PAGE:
mixture is left overnight a 4°C, and then centrifuged at 14000 g (5 min). The cold extraction
procedure can be repeated on the pellet and supernatants pooled and used for the analyses. The first
extraction, however, already allows a recovery > 93% (Carillo et al. 2008)
Proline determination
Solutions (store at -20°C):
Extract: 20 to 50 times diluted fresh weight (w/v), typically in a 70:30 ethanol:water mixture (v/v)
(Hummel et al., 2009).
Standards: proline solutions ranging from 0.04 to 1 mM, in the same medium as the one used for
the extraction.
Reaction mix: ninhydrin 1% (w/v) in acetic acid 60% (v/v), ethanol 20% (v/v). Protect from light.
CAUTION For the following steps gloves are highly recommended
In screw-cap tubes process as following:
pipette 100 μl of reaction mix
pipette up to 50 μl ethanolic extract or 50 μl of 1-0.4-0.2-0.1-0.04 mM proline standard
prepared in 70:30 ethanol:water (v/v)
seal the tubes, mix and heat at 95°C (either in block heater or water bath) for 20 min
after cooling at room temperature, spin down quickly (1 min, 2500 rpm)
transfer e.g. 100 μl of the mixture to a microplate well
read at 520 nm (microplate reader)
NB: screw-cap tubes in 96-well format enable the use of a pipetting robot and of an automatic
In 1.5 ml screw-cap tubes, pipette as following:
1000 µl of reaction mix
pipette up to 500 µl ethanolic extract or 100 µl of 5-2-1-0.5-0.2 mM proline standard
completed with up to 400µl of ethanol:water (40:60 v/v)
seal the tubes, mix and heat at 95°C in the block heater for 20 min
centrifuge (1 min, 10000 rpm)
transfer tube contents to a 1.5 ml cuvette
read at 520 nm
As shown in figure 1, the relationship between the amount of proline and the corresponding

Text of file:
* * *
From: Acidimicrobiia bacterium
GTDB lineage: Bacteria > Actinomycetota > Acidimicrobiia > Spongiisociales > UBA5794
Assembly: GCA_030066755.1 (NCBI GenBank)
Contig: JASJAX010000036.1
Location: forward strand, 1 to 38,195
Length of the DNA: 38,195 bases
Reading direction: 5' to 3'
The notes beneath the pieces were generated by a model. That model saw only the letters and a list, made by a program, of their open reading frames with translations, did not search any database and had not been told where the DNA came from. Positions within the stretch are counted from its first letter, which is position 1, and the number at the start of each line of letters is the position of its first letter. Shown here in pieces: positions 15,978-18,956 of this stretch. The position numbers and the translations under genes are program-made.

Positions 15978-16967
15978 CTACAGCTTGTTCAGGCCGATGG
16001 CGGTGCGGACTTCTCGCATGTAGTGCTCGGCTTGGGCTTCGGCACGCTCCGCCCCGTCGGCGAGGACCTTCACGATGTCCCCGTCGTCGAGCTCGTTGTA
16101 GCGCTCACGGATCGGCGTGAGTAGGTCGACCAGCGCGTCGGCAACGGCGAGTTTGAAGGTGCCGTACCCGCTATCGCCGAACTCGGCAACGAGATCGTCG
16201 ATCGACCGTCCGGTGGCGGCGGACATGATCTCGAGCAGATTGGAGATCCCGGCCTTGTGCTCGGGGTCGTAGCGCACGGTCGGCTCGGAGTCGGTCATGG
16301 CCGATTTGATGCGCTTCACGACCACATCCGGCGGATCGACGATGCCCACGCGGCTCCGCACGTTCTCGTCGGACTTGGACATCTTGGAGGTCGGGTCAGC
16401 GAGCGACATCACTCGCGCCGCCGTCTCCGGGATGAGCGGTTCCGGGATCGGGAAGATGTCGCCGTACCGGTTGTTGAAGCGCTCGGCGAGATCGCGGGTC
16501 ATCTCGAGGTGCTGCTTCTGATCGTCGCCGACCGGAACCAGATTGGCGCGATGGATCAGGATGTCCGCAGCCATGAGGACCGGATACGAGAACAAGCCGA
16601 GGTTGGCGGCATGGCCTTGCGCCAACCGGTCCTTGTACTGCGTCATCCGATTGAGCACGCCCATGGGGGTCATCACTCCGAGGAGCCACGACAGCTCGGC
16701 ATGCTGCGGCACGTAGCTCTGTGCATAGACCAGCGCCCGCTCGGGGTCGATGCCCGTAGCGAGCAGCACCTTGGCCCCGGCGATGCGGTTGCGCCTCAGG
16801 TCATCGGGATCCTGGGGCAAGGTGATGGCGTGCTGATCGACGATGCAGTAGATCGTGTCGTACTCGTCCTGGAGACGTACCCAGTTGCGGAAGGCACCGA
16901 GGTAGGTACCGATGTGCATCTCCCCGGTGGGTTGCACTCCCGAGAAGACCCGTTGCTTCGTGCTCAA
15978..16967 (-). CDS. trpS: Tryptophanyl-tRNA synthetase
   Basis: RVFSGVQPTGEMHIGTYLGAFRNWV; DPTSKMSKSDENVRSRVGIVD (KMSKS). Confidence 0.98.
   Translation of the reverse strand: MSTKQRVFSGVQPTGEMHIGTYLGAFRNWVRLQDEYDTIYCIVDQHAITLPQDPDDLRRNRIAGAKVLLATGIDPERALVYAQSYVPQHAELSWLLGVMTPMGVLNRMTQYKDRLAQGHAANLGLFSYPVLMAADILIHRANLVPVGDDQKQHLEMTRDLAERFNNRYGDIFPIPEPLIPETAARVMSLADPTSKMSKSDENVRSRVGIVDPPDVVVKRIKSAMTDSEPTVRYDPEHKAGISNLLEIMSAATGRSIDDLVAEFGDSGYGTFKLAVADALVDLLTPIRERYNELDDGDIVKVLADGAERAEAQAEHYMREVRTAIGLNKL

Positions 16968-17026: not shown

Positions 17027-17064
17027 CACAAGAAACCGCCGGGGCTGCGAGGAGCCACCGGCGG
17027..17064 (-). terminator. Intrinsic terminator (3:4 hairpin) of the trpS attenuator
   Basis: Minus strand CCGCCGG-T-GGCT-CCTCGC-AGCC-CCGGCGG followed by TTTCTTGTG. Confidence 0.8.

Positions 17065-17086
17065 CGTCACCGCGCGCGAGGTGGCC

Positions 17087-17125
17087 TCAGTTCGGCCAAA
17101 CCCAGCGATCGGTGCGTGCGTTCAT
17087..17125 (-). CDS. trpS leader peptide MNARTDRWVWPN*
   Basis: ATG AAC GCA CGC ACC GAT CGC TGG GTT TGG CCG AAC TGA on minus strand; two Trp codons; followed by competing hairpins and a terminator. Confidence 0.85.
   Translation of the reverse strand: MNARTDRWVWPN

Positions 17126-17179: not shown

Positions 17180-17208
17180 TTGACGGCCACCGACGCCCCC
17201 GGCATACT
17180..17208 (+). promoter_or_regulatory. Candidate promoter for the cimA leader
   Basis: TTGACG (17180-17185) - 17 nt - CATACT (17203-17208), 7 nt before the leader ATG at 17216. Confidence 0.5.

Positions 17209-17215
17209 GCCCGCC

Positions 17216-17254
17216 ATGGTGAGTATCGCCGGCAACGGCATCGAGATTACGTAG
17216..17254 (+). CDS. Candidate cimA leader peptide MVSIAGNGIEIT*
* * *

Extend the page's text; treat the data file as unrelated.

absorbance is linear in the 1-50 nmol range in the microplate reader (note that linearity may vary
according to reader features) and in the 1-100 nmol range in a cuvette spectrophotometer.
The following equation is used to calculate the amount of proline in the extracts:
Proline in nmol.mg -1 FW or in µmol.g-1 FW =
(Absextract – blank)/slope*Volextract/Volaliquot*1/FW
Where: Absextract is the absorbance determined with the extract, blank (expressed as absorbance) and
slope (expressed as absorbance∙nmol-1) are determined by linear regression, Volextract is the total
volume of the extract, Volaliquot is the volume used in the assay, FW (expressed in mg) is the amount
of plant material extracted. It is assumed that Absextract is within the linear range.
In plant tissues, proline typically ranges from 0.5 (unstressed) to 50 (stressed) µmol.g -1 fresh
Calibration curve for proline
y = 0.055x + 0.078
R2 = 0.999
y = 0.031x + 0.041
R2 = 0.999
Proline (nmoles)
Figure 1. Calibration curve obtained with the microplate procedure ( ). Note that with the cuvette
procedure ( ) the linear range is approximately the same.
Literature references
Bates LS, Waldren RP, Teare ID (1973) Rapid determination of free proline for water stress studies.
Plant Soil 39: 205-207.
Carillo P, Mastrolonardo G, Nacca F, Parisi D, Verlotta A, Fuggi A (2008) Nitrogen metabolism in
durum wheat under salinity: accumulation of proline and glycine betaine. Functional Plant Biology
35: 412–426.
Cross JM, von Korff M, Altmann T, Bartzetko L, Sulpice R, Gibon Y, Palacios N, Stitt M (2006)
Variation of Enzyme Activities and Metabolite Levels in 24 Arabidopsis Accessions Growing in
Carbon-Limited Conditions. Plant Physiology 142: 1574-1588.
Hummel I, Pantin F, Sulpice R, Piques M, Rolland G, Dauzat M, Christophe A, Pervent M,
Bouteillé M, Stitt M, Gibon Y, Muller B. (2010) Arabidopsis plants acclimate to water deficit at
low cost through changes of carbon usage: an integrated perspective using growth, metabolite,
enzyme, and gene expression analysis. Plant Physiology 154: 357-372.
Troll W, Lindsey J. (1955) A photometric method for the determination of proline. Journal of
Biological Chemistry 215: 655-660.
Health, safety & hazardous waste disposal considerations
Ninhydrin is irritant to skin and respiratory system, thus requiring adequate precautions, in
particular the wearing of gloves.
The original document is available at http://prometheuswiki.publish.csiro.au/tikiindex.php?page=PROTOCOL%3A+Extraction+and+determination+of+proline